debata o nasilju 01

May 21, 2018 - Belgrade – Are the existing international conventions and treaties implemented by governments sufficient to protect women and girls from violence in the family and partner relations? What has been achieved and what are the key gaps and challenges in the policy implementations? These were the main issues discussed at the National Debate „Violence against Women in Serbia: Between Commitments and Reality - Do we need a strategic approach to the issue“. 

debata o nasilju 02

As a speaker of the session focusing on commitments of the Republic of Serbia in the field of the elimination of violence against women and the reality of their implementation, AWC representative Tanja Ignjatović stated that there is a lack of coordination of inter-sectorial strategies, lack of budgetary funding and effective monitoring of implementation of measures and laws in this field.  She especially pointed out the difference in the understanding of the phenomenon of violence against women, the needs and rights of survivors, by institutions and by civil society organizations, which is confirmed by the fact that survivors do not participate in meetings of coordination and cooperation groups at which individual protection and support plans for survivors are developed, and that urgent measures are issued for both the perpetrator and survivor. She added that the previous national strategy on the elimination of violence, implemented with donor funds and coordinated by UN bodies, shows that inter-sectorial strategies do not have a future. She indicated that measures envisaged in national strategic documents are not obligatory for responsible institutions, and, as an example, mentioned the attempt of the establishment of a national helpline contrary to plans defined in the Action Plan on the implementation of the National Gender Equality Strategy.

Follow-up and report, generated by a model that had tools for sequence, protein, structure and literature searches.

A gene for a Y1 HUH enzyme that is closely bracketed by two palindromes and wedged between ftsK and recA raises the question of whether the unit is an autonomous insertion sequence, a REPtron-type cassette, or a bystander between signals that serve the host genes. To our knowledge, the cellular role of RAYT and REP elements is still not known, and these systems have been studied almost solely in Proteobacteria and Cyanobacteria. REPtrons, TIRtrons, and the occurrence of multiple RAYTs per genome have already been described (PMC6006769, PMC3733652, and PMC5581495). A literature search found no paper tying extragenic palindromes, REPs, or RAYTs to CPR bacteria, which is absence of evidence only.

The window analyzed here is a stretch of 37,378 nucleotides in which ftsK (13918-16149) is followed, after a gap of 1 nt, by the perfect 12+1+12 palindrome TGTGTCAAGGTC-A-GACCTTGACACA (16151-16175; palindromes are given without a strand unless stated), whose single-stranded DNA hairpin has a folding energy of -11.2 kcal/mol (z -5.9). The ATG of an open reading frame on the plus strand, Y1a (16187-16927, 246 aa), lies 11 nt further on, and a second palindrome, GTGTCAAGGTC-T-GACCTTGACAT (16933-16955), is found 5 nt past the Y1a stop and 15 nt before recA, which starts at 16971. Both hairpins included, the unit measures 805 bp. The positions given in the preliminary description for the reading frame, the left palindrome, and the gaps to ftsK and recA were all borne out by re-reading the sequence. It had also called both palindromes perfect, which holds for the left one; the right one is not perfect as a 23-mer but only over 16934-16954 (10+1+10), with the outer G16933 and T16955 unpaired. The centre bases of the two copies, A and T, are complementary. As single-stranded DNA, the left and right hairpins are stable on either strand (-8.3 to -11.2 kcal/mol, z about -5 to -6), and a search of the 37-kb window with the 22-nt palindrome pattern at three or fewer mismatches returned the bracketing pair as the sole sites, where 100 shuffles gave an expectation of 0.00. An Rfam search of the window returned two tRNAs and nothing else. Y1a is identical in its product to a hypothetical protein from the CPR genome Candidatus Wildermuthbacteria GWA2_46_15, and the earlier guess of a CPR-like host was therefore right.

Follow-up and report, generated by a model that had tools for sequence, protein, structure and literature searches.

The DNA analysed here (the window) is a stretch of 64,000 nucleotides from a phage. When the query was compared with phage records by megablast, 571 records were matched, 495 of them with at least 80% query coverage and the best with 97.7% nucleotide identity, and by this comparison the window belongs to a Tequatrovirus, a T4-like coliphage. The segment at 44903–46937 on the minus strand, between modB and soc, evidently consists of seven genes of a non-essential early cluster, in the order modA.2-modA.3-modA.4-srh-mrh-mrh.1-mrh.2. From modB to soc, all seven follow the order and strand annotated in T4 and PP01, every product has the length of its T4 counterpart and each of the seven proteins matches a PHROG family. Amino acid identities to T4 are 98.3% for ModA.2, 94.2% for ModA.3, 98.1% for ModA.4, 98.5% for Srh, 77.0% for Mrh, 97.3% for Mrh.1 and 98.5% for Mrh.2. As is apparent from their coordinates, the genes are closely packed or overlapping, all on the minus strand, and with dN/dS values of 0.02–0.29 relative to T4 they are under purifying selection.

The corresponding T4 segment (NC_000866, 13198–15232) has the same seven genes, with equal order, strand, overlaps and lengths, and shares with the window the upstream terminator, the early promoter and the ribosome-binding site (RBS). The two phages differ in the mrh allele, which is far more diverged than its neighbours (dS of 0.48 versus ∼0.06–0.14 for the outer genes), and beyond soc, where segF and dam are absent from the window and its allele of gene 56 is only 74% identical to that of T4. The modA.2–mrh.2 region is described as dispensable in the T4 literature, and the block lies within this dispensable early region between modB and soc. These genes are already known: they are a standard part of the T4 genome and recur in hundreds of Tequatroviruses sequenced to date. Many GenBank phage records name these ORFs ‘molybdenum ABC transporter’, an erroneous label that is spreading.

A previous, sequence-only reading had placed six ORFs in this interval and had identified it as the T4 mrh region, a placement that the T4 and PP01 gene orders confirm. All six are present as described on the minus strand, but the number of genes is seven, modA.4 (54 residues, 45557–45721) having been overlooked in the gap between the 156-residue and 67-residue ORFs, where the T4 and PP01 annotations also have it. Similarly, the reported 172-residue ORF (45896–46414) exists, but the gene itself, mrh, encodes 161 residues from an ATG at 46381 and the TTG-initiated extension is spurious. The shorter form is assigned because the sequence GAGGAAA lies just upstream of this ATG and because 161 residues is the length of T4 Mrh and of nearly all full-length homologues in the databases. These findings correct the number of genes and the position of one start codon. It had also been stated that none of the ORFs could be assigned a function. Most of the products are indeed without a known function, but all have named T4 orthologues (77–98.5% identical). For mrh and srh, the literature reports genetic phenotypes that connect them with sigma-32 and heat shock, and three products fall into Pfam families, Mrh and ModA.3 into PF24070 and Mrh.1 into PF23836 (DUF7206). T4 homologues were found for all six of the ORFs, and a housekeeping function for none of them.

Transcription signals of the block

debata o nasilju 03The representative of the “Women against Violence” Network, Vedrana Lacmanović, stated that the years-long experience in monitoring and analyzing femicide cases, has shown that survivors had sought support from responsible institutions in nearly every third case, but they either did not react or the response was inadequate. She added that media reports, as a source of information on femicide cases, did not present a complete picture on the scope of the phenomenon, as not all cases are reported on. This is why, she stated, it is necessary to establish a body for monitoring femicide cases, comprised of all relevant stakeholders, with the aim of analyzing all cases of femicide, in order to contribute to better risk assesment and prevention of future cases. She concluded that though media reporting on femicide is still inappropriate, the responsibility of media is not the same as the responsibility of institution that obliged to protect women from violence.

The issue of access to protection mechanisms, providing better assistance and protection to women survivors of violence from vulnerable groups, was also discussed. The debate was organized within the joint project “Integrated response to violence against women and girls in Serbia II” implemented by UN and government agencies with the support of the Government of Sweden.